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William Rawls

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William Rawls,  played by John Doman and starring in all five seasons of the show, is a consistently high-ranking member of the Baltimore Police Department. Over the course of The Wire, Rawls ascends through the higher echelons of the Department, eventually reaching the rank of Deputy Commissioner of Operations and, at the end of Season 5, Superintendant of the Maryland State Police. This career pre-occupation is often detrimental to both effective law enforcement and those under his command as seen, for example, in his repeated attempts to renegotiate his responsibility for case-work and mistakes as commanding officer of Homicide, or his weekly passage of blame at ComStat meetings. Such circumventions of responsibility is aided by his obstinance and crude wit, typically down-speaking and dismissing suggestions contrary to his self-interest. Little is disclosed of Rawls' personal life aside from strong allusions to his closet homosexuality, and his marriage (which is spoken-of and suggested by a wedding ring) and children.

BiographyEdit

Season 1Edit

Rawls was a Major and commanding officer of the homicide unit. He is a careerist, concerned only with maintaining the case clearance record of his unit, and is extremely demanding of his detectives. He was enraged when Detective Jimmy McNulty went around him to Judge Phelan to encourage further investigation of the Barksdale organization. He confronted McNulty about his insubordination and told him he had his attention. At the request for manpower and instruction of Deputy Burrell, Rawls sent Jimmy McNulty and Santangelo to the Barksdale detail as they were two detectives he no longer wanted. Burrell did not want to see good police work in the case, so he told the unit commanders to detail their detectives that were either useless or unwanted. Santangelo was apparently not meeting his clearance quotas. McNulty though was a capable detective but deemed insubordinate and unloyal due to his meeting with Judge Phelan. Rawls relied upon Sergeant Jay Landsman to handle much of his communication with the men under his command in homicide.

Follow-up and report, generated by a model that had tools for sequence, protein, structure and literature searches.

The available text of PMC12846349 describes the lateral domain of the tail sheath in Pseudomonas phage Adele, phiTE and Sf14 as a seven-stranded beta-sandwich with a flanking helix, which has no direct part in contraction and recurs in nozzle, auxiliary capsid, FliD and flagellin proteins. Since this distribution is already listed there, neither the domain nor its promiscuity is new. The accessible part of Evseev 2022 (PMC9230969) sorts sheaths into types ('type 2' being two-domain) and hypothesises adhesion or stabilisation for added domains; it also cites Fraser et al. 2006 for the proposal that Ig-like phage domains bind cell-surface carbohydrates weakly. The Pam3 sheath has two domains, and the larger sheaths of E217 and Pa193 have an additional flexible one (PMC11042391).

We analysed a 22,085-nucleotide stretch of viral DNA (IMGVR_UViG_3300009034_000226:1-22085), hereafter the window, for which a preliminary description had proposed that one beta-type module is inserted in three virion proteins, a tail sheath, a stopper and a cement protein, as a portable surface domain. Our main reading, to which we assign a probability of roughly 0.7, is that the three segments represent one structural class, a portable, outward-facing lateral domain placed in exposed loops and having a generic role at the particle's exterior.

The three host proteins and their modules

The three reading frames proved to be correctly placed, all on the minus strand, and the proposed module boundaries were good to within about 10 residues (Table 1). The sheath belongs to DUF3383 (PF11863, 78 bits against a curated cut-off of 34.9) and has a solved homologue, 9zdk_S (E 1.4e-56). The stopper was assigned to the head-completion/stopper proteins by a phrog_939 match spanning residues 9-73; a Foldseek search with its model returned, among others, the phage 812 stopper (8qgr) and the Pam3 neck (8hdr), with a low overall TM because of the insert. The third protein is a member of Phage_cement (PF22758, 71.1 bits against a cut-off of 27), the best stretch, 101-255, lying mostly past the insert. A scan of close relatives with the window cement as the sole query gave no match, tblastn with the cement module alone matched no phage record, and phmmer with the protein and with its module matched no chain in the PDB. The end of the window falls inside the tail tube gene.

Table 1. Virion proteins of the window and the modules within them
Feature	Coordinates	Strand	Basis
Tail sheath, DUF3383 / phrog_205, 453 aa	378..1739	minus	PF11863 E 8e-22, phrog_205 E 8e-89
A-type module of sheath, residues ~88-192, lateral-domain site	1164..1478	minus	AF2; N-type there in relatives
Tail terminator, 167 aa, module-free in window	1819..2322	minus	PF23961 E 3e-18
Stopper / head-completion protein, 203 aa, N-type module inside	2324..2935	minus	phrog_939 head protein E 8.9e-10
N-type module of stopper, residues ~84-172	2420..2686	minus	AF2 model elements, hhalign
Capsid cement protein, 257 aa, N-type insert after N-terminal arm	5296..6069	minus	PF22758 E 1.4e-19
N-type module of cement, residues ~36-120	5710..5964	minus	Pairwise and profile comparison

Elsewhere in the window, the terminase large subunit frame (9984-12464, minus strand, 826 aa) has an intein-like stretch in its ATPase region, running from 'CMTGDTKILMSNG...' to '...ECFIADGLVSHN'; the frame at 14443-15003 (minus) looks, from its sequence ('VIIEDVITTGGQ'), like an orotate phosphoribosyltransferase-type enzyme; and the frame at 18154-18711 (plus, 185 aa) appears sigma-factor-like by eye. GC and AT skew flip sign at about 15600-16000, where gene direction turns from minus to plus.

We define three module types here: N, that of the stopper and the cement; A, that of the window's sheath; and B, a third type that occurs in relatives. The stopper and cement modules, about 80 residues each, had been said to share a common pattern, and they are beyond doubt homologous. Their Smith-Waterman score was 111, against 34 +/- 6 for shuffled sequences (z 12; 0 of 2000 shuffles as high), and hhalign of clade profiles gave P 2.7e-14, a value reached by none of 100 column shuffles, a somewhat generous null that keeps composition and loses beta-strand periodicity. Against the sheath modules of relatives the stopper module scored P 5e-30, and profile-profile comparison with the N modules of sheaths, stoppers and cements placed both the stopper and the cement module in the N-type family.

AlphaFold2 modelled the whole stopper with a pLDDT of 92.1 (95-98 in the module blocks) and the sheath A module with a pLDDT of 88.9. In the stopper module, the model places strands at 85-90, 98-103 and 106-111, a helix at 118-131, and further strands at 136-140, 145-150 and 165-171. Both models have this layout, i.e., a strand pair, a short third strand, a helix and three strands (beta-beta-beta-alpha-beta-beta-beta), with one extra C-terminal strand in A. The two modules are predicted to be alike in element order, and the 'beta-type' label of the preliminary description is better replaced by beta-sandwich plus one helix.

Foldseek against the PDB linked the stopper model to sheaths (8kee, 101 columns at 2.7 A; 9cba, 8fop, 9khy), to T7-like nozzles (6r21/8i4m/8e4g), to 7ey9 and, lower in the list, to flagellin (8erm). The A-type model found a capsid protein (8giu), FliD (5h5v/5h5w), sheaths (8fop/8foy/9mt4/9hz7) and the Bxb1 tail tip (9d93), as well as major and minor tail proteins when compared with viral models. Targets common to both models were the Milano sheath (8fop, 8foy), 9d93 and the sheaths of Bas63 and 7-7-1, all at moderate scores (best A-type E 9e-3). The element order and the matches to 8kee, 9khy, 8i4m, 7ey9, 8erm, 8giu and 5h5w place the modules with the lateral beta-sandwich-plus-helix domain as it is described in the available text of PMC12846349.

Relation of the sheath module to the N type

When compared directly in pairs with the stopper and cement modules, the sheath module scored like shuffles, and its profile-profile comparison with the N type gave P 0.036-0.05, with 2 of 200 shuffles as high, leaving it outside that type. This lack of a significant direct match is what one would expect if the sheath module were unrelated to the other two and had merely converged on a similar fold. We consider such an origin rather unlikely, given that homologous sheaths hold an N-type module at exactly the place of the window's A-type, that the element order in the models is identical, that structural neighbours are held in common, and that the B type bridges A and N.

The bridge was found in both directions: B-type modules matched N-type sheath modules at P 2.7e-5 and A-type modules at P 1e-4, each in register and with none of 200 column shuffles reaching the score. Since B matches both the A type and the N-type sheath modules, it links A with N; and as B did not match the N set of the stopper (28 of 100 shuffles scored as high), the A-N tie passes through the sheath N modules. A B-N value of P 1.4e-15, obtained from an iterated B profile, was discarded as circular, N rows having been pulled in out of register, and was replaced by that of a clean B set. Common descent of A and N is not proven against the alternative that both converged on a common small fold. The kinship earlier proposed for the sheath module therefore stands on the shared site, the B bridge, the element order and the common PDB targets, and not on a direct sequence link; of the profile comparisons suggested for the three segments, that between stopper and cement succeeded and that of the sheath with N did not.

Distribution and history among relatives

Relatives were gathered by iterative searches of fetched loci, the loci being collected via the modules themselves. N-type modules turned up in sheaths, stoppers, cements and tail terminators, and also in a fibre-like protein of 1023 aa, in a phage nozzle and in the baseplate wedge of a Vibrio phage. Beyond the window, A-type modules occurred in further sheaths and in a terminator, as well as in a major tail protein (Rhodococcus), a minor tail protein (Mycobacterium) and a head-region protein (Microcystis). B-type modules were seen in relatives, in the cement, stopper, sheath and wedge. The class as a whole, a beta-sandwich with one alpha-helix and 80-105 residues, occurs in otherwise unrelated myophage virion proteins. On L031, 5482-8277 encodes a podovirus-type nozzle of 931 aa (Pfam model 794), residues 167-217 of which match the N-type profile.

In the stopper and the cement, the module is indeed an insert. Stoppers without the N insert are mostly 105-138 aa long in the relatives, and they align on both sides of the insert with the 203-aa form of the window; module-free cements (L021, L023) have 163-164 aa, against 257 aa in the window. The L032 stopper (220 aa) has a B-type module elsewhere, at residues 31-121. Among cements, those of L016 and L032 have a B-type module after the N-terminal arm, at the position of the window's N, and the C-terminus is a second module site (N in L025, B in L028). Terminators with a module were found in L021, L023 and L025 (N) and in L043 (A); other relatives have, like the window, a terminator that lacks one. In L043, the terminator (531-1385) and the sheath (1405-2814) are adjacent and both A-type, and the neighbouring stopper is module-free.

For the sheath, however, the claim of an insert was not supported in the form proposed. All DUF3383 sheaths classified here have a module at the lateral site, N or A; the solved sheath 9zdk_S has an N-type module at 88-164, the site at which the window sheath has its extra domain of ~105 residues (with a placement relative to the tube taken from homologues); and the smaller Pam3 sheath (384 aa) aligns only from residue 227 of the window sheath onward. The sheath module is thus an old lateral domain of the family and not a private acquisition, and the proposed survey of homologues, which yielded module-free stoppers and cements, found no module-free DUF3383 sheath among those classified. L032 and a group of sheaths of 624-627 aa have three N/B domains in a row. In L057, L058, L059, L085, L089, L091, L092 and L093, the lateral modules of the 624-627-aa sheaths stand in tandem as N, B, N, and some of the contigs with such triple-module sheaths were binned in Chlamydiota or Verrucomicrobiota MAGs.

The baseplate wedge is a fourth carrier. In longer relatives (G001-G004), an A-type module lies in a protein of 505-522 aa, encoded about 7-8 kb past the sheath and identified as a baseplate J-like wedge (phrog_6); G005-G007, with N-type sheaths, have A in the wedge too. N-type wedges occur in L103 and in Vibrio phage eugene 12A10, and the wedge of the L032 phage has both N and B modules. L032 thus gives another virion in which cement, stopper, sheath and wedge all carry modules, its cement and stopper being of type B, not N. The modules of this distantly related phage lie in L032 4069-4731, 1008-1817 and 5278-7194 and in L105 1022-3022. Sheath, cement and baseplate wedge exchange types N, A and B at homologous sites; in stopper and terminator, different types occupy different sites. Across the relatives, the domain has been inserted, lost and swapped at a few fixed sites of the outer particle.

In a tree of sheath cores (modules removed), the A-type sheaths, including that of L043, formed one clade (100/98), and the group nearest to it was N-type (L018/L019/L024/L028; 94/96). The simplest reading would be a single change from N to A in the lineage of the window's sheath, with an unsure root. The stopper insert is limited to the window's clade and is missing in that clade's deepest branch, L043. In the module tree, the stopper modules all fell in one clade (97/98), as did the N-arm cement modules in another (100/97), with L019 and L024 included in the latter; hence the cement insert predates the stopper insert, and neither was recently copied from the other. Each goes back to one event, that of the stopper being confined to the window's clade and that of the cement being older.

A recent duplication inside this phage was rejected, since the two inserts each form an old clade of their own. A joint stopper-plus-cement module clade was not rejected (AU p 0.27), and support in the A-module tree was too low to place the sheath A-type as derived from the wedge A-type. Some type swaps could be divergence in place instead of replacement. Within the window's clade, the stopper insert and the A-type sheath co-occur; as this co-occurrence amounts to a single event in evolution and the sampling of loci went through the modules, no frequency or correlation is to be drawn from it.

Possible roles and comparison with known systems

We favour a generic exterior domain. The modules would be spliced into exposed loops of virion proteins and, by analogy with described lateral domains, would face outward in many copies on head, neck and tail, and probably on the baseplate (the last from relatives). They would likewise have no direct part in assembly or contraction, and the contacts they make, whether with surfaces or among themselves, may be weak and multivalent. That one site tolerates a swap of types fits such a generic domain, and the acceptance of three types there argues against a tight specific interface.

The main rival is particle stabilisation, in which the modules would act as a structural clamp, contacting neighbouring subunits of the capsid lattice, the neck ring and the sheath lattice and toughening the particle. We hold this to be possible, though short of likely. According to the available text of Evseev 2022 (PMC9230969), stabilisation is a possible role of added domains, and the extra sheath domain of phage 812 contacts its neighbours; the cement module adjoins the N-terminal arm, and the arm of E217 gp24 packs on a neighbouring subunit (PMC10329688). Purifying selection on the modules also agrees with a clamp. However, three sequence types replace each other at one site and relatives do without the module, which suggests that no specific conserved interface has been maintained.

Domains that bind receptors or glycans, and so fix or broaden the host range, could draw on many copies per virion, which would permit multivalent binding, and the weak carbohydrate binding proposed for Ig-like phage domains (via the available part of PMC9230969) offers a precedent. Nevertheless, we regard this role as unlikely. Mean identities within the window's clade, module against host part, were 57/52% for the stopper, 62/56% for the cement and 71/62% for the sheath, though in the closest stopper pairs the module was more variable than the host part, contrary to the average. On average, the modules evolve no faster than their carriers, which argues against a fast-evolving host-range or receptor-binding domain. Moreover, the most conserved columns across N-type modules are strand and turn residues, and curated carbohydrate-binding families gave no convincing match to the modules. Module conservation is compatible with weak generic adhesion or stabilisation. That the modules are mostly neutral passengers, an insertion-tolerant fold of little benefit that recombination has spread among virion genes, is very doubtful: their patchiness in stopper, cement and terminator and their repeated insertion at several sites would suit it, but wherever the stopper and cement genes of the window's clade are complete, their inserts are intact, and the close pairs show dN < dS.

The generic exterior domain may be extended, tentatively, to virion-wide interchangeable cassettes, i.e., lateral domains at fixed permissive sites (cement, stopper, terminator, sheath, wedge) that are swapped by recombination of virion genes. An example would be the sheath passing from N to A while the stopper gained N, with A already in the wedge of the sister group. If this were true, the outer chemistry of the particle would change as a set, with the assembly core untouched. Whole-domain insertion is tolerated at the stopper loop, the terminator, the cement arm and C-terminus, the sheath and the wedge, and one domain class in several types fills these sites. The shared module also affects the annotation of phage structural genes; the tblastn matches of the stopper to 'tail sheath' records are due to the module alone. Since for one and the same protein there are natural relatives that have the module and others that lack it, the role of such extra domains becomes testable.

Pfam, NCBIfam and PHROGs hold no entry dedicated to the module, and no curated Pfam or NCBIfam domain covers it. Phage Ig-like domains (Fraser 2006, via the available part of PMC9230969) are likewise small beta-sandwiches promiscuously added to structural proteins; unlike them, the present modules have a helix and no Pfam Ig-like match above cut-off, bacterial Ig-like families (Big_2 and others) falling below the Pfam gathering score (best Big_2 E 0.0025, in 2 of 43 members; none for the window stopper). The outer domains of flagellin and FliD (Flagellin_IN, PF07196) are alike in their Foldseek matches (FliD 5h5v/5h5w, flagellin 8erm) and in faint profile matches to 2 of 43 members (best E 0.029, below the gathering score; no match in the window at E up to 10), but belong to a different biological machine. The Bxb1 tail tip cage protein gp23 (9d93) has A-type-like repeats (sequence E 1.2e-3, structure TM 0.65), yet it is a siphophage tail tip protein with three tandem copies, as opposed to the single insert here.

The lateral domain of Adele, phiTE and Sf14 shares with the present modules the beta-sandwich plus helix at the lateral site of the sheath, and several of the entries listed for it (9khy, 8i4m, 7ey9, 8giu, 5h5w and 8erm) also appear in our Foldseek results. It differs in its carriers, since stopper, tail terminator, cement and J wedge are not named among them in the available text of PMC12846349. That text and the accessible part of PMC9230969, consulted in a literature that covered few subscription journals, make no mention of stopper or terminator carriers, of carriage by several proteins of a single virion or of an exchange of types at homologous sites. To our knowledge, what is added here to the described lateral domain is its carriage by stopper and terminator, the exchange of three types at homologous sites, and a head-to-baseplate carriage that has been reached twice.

McNulty attempted to placate Rawls by working several old murder cases, most notably the Deidre Kresson case, linking them all to the same gun, and to D'Angelo Barksdale. Rawls was delighted, and wanted to immediately issue a warrant for D'Angelo. When McNulty learned of this, he was dismayed, since arresting D'Angelo was premature and would tip off Avon to their investigation. The detail persuaded Daniels to fight Rawls' push for arrests. Eventually Daniels went over Rawls' head and met with Burrell, convincing him to put the warrants on hold for the time being. This further infuriated Rawls, and he began hounding Santangelo to bring him something he could use against McNulty. Rawls demanded that Santangelo clear a case by days end, inform on McNulty, or leave the unit altogether due to his low clearance rate. An old case was cleared courtesy of Bunk Moreland and McNulty and credited to Santangelo to appease Rawls.